We continued southward toward Hemingway, S.C. The radio did not work. Seemed like they never did in those days. While Uncle was visiting in our home, My Dad, a choir director at our church was teaching him in the fundamentals of practicing and singing a simple musical scale. It went like this, DO RA ME FA SO LA TE DO. To be sung from low notes to high notes. Uncle was not blessed with a peaceful and soothing singing voice. Sort of like the sound of an untalented person trying to sing the "The Star Spangled Banner." "You've heard the sound, I'm sure." This supposedly talented artist in a high pitched voice screeching for the notes. It was comforting to me that our dear "Old Glory" flag was not tattered and left in shreds from the concussion! Uncle was practicing the notes as we rode along. DO RA ME ME ME FA? My Dad had written the note scales on a piece of paper for him. He would glance at it and then the road. Away he would go! DO RA ME FA SO LA LA LA DO? I was hoping that a wayward cow did not become entangled in Uncle's car grill. DO RA ME FA SO LA LA LA - I wanted to stick my fingers in my ears. "Please, will this ever stop?!" DO RA ME FA FA FA - Dad could sing it frontward and backward. Uncle had not mastered this yet. Would he? I don't think so! Being a very small church, He had the duties of teacher, preacher, and choir director. He wanted to impress his choir by introducing them to something new. With practice, He envisioned his faithful choir singing like an early morning turtle dove. Over and over. "Now again, DO RE ME FA FA."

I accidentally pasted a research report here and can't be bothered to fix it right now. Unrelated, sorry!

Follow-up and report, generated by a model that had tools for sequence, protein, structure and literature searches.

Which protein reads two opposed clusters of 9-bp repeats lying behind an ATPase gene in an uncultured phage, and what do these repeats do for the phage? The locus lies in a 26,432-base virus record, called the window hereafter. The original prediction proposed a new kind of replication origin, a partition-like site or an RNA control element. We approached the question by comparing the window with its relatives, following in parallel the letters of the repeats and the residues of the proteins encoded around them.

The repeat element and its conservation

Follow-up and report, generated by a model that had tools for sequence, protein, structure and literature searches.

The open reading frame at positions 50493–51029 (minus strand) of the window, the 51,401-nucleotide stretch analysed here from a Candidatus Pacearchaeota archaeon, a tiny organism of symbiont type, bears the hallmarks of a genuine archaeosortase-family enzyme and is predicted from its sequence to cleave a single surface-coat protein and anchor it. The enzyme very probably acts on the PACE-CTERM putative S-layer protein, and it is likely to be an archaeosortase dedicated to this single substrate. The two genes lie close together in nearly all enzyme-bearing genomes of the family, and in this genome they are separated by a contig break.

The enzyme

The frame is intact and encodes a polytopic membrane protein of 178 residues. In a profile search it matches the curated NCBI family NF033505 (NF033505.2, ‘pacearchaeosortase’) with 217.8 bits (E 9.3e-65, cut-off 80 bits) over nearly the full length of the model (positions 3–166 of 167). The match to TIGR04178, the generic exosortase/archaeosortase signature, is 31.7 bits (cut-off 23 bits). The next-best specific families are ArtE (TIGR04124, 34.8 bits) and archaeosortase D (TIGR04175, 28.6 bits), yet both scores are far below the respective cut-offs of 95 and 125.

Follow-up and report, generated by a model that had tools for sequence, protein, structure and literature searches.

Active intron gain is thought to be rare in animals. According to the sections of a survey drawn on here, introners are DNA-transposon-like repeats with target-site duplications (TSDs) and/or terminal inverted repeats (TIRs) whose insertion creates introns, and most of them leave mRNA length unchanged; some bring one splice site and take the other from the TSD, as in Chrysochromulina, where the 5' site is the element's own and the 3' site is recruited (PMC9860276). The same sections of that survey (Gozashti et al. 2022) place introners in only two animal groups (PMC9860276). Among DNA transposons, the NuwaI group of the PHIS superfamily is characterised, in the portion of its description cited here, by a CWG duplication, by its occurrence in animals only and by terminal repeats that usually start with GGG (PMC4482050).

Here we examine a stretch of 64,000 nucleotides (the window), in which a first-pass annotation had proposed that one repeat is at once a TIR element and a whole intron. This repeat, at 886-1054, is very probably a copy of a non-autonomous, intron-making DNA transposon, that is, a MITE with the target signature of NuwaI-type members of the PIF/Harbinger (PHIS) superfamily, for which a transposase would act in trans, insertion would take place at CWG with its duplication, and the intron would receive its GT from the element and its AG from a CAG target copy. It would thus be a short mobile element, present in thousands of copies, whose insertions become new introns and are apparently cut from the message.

I was so relieved when we finally pulled into the parsonage drive. After unpacking, showering, and a change of clothes, we had to move fast. "Bobby, We need to hurry, worship and choir practice begins at six." I groaned inwardly.
It was a country church. Tobacco and corn backing up on all sides. These farm folks made their living entirely from farming. They didn't waste farm soil. Uncle began introducing me as his nephew. The men were dressed in clean overalls. The women were neat and attractive in their printed dresses. I was the center of their attention. They would hug me, pat me, and comment on my red auburn hair and "freckles!" "Oh no, I was self conscious of my freckles!" The women were sweet and kind. The men looked strong and rugged. They greeted me open heartedly. As they shook my hand, I could feel the many hard and accumulated years of labor. The hands were calloused and strong.
Someone was ringing the church bell. It was loud and seemed to be saying, "Get a move on, you're going to be late!" The choir members were happy to see each other and engaged in joyful conversations.